Lifestyle / Tech

My struggle with making time for open source contributions

Photo by Aron Visuals on Unsplash

As you might already know, I’m a fan and supporter of open source software. One of its largest advantages is that everyone can contribute to said software, so that we “build something great together”.

However, things got a bit out of hand with my contributions to open source. In 2020, I spent 300+ hours on it in my free time. While I learned a lot, got to meet awesome people, and really got things moving in several open source projects, I struggled. Working full-time and doing things like this on the side is challenging to say the least. While burnout is common in open source, I still felt good because I’m passionate about it and “it doesn’t feel like work”. I mean, look at this chart 😃

Contributions to open source projects on GitHub. Source

However, I do need to admit that I’m most productive and happy when I get proper rest as well. Now, I hardly ever sacrifice my sleep, because those 8 hours help a LOT to clear up and refresh my mind. But I also started to notice that I should spend more time off-screen and off-work to clear my head properly. That basically means no computer, no phone, no notifications. Like going for a walk (not listening to podcasts at the same time 😉), going to the gym, kite surfing, etc.

My game plan moving forward

I think it’s obvious by now that I do want to stay active contributing to open source projects. However, it shouldn’t occupy such a large part of my personal life anymore. That’s why I’m now hard-limiting the time I spend on open source to 2 hours per week (details below).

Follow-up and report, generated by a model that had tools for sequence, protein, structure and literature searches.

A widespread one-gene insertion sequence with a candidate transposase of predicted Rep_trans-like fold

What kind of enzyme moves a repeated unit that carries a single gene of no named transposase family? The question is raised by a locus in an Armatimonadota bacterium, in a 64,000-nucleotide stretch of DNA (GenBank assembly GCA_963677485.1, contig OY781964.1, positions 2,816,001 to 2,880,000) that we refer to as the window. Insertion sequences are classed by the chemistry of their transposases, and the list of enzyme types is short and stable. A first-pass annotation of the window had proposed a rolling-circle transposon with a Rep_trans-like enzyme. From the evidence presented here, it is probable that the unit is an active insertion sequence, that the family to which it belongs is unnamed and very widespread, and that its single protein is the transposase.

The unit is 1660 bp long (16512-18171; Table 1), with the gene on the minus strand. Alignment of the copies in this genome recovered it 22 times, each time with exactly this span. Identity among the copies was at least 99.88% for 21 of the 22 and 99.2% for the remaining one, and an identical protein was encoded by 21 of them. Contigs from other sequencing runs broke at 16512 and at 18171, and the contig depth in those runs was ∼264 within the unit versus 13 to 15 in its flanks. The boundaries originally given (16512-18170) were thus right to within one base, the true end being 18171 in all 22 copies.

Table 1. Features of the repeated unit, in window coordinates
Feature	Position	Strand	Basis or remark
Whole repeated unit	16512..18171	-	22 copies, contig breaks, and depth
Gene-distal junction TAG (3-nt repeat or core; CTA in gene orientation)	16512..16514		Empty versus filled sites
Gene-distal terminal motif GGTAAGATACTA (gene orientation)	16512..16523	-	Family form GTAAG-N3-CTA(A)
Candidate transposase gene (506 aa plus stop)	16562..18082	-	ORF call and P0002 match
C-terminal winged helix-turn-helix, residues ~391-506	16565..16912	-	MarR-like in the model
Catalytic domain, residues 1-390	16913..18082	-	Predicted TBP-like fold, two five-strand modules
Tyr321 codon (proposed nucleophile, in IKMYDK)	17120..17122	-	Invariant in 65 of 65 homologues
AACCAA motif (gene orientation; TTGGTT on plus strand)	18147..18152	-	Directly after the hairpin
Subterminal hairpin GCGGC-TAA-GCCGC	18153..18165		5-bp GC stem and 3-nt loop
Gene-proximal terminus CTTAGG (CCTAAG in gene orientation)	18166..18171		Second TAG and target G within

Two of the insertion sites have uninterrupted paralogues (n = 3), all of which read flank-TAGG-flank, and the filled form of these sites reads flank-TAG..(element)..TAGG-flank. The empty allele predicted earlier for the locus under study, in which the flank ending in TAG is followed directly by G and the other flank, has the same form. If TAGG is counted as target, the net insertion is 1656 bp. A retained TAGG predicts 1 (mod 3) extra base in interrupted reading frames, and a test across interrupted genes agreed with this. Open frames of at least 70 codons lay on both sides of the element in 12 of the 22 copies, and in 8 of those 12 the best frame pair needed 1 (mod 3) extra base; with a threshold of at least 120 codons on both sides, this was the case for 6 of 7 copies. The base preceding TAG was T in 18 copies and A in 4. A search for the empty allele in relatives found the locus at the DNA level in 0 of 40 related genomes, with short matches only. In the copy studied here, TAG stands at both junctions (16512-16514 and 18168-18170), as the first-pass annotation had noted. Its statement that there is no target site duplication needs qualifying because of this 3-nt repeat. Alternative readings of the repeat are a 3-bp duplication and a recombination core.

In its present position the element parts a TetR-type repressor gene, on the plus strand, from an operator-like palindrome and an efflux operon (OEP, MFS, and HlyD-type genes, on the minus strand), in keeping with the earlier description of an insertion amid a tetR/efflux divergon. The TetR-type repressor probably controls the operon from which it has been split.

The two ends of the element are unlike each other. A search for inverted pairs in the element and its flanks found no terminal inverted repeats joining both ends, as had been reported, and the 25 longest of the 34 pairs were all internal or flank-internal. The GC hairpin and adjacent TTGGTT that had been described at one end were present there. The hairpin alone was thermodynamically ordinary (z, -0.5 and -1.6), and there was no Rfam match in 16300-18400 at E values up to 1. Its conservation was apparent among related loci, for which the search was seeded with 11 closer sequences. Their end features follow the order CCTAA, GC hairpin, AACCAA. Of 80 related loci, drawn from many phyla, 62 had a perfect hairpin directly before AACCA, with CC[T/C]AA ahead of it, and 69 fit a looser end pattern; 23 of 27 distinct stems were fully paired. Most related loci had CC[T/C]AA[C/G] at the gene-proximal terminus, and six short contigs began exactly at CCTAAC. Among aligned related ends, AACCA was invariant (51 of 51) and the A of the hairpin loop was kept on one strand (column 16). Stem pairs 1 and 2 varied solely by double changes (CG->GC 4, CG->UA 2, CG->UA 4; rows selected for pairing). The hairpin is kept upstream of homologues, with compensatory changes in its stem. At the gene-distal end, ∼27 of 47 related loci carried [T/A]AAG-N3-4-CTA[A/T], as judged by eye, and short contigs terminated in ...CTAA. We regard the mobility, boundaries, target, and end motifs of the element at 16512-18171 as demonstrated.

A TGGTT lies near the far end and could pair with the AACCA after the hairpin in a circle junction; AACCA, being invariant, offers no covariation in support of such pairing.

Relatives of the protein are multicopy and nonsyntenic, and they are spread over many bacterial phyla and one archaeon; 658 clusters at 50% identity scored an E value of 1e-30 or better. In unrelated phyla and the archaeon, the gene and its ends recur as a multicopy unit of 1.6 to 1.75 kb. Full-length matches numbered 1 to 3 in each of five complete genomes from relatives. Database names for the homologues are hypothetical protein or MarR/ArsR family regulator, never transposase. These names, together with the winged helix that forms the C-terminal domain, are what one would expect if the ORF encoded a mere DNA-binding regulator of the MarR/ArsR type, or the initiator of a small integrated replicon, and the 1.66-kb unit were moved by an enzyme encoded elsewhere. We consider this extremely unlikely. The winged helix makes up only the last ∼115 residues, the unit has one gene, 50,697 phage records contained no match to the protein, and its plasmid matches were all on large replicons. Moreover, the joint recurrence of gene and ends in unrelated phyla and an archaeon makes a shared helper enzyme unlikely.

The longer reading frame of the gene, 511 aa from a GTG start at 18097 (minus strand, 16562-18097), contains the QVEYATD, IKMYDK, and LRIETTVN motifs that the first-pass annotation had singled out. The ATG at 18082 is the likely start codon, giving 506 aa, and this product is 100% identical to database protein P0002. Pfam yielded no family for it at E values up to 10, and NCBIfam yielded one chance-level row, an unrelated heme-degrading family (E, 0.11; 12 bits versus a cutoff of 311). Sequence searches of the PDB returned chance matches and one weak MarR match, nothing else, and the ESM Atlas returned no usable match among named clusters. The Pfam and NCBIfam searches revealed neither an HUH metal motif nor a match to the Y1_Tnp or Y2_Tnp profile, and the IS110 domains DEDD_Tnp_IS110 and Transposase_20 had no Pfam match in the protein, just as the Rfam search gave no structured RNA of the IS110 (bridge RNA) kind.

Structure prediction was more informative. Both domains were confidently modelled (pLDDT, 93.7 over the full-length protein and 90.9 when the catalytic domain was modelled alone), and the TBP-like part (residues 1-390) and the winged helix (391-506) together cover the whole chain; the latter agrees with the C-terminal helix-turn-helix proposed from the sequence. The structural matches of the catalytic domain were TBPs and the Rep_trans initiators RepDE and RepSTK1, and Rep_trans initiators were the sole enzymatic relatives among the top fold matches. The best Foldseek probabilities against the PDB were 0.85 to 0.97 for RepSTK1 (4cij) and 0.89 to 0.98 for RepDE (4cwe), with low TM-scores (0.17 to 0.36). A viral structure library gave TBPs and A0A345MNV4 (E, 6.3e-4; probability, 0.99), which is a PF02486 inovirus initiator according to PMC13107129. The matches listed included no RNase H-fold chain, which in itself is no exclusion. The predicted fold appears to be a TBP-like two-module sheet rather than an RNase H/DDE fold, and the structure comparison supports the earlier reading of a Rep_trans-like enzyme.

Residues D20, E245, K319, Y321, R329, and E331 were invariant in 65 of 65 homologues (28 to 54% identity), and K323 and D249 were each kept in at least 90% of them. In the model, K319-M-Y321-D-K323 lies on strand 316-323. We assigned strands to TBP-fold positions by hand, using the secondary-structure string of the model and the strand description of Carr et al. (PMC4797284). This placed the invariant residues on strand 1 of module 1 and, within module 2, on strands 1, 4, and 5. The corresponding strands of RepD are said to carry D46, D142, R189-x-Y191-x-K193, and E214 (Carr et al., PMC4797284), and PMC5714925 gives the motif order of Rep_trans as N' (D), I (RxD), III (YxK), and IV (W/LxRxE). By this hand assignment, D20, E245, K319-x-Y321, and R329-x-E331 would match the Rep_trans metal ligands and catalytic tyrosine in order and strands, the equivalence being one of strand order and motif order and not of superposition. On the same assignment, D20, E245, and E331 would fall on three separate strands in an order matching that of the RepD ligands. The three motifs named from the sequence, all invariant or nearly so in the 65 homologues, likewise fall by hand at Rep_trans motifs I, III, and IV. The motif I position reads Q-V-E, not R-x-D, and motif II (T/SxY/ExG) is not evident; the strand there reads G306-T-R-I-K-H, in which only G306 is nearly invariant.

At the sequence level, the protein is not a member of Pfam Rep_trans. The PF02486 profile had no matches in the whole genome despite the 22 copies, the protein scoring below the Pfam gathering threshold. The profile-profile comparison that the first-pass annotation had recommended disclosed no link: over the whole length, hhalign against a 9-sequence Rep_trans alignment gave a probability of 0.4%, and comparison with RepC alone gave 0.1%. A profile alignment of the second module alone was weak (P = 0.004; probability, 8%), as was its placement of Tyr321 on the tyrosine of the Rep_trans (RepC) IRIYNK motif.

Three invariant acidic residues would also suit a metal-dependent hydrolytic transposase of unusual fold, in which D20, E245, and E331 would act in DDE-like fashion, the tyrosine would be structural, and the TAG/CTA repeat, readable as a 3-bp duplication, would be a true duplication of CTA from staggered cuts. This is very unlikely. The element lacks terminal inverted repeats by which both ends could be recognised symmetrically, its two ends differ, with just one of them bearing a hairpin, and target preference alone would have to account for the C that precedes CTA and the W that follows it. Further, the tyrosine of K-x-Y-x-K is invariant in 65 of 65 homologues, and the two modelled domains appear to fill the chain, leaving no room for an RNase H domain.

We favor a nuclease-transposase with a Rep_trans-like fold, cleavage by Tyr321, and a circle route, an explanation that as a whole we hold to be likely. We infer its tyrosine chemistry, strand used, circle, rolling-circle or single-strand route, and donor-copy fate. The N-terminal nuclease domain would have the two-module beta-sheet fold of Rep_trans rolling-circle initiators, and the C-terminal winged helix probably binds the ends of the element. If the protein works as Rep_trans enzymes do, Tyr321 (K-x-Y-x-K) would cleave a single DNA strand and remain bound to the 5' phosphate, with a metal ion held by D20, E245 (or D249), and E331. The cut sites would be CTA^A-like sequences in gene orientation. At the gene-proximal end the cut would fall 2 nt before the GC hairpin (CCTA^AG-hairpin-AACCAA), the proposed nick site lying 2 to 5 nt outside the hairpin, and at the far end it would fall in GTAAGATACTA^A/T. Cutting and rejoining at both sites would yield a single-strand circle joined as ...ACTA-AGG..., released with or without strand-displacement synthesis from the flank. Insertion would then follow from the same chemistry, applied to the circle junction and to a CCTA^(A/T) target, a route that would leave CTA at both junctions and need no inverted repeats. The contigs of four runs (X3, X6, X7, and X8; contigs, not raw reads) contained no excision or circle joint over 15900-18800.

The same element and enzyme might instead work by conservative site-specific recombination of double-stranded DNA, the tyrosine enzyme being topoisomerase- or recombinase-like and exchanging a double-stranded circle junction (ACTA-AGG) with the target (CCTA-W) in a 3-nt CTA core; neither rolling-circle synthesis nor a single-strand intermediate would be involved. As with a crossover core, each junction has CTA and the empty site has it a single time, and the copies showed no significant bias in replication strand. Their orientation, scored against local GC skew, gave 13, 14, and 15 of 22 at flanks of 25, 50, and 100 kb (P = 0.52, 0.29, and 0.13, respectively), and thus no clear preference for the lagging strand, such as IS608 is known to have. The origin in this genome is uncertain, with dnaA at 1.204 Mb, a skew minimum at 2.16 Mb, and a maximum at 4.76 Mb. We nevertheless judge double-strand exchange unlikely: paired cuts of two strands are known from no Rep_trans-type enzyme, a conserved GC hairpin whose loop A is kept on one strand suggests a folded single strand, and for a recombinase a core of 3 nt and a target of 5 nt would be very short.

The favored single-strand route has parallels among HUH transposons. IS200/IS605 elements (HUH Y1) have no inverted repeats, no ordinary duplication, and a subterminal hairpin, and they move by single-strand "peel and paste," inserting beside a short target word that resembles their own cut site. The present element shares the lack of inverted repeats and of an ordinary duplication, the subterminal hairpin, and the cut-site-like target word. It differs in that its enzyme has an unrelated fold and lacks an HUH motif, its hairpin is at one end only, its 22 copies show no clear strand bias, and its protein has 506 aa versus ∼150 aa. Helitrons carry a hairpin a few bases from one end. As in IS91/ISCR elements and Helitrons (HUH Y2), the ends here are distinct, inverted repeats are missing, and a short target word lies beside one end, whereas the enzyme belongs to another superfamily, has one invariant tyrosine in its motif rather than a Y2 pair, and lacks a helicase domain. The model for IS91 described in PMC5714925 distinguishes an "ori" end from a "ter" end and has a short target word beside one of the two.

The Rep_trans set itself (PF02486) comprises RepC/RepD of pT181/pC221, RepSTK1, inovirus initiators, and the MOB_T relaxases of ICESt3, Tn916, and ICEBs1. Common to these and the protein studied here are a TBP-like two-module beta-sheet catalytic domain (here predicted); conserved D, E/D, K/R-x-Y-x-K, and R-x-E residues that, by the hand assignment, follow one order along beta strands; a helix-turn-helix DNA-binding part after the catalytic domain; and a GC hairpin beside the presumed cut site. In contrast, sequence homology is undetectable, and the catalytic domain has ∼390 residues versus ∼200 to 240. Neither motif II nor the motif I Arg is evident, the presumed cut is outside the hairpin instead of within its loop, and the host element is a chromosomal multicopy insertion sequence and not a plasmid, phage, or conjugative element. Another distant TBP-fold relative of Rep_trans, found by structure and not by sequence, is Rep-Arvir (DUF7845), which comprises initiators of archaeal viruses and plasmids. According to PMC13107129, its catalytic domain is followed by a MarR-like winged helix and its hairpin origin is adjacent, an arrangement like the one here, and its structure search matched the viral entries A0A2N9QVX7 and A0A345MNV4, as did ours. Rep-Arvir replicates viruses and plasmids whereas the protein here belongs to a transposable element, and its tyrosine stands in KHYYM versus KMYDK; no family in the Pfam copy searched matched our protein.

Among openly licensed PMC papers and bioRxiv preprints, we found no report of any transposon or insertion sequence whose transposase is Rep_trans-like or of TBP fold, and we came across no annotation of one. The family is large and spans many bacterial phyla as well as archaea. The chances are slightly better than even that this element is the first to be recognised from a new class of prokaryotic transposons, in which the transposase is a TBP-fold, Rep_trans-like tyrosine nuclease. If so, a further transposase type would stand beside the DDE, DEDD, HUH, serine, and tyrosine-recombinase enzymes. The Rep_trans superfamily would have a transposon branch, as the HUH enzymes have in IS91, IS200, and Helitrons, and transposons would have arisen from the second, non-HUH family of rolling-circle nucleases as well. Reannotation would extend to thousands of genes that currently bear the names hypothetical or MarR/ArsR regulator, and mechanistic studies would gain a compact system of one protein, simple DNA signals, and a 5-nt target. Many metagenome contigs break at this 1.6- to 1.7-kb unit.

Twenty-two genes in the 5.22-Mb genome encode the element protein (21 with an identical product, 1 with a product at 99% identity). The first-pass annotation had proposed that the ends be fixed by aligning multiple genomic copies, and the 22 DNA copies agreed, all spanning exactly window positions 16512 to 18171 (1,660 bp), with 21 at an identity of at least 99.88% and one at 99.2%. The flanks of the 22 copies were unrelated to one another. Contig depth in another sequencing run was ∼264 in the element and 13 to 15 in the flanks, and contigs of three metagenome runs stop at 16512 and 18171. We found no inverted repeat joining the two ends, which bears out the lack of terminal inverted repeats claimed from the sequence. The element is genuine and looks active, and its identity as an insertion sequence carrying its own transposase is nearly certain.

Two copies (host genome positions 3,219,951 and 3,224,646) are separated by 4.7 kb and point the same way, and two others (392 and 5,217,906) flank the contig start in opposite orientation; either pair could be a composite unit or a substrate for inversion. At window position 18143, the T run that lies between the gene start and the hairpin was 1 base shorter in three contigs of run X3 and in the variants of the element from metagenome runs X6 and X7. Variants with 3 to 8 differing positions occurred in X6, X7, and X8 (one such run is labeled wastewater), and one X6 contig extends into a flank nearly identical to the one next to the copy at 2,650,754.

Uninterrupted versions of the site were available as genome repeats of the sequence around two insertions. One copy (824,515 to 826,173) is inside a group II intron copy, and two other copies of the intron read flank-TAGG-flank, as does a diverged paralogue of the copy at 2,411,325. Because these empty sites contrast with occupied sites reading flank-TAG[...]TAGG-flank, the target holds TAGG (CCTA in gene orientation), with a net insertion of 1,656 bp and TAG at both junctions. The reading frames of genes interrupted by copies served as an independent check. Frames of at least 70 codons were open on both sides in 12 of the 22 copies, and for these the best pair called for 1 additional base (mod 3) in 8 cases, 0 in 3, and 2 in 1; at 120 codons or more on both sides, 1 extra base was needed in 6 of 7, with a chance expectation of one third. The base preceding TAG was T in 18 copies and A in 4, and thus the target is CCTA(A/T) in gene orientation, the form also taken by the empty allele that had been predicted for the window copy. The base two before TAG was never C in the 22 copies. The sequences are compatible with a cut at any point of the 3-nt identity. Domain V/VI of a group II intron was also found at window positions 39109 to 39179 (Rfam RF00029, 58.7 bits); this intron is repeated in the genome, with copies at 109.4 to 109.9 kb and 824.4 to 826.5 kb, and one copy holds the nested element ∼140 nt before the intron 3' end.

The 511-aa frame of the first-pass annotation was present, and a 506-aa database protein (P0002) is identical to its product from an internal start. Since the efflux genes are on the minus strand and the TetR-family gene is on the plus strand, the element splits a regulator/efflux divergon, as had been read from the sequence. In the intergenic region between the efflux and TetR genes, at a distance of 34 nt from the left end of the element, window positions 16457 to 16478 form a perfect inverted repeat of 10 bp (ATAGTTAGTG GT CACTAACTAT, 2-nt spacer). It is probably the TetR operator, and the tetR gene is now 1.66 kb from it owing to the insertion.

In those hours, I will be doing the following:

  • Replying to questions/comments in issues I reported or Pull Requests I created;
  • Interacting with open source maintainers/contributors through other channels;
  • Working on new/updated code through Pull Requests (with a transparent planning in this GSheet).

This means that my pace of open source contributions will slow down significantly, but become more consistent and reliable over time.

2 hours: the details

So, those 2 hours result in 8 hours per month to open source. I currently can’t commit to more, as I’m working on a new business plan and need to add “offline days” (more on that below) to my schedule to remain happy and productive.

If you want me to spend more time on open source software, please consider donating through GitHub Sponsors. Every $50 in monthly donations will allow me to spend 1 extra hour per month on open source. If there’s a specific open source project you want me to work on, we can certainly discuss that. Feel free to drop me a message so we can talk about the options.

Final words

I’m confident that with these measures, I can get more of a hold on my open source contributions and be more reliable towards others. My public planning document should also be a major help in terms of transparency.

Apart from my open source planning, I’m also introducing the following measures to my personal Quarterly Objectives:

  • Every week, spend at least one day “offline”, no screens involved.
  • Every quarter, spend at least 3 days in a row “resetting my head”. I noticed that this really helps me to zoom out and look at the bigger picture of my personal and business goals.

… this will ensure that I remain focused on my top priorities, both in private life and in business.

Once again, in case you have any questions or suggestions, feel free to reach out!

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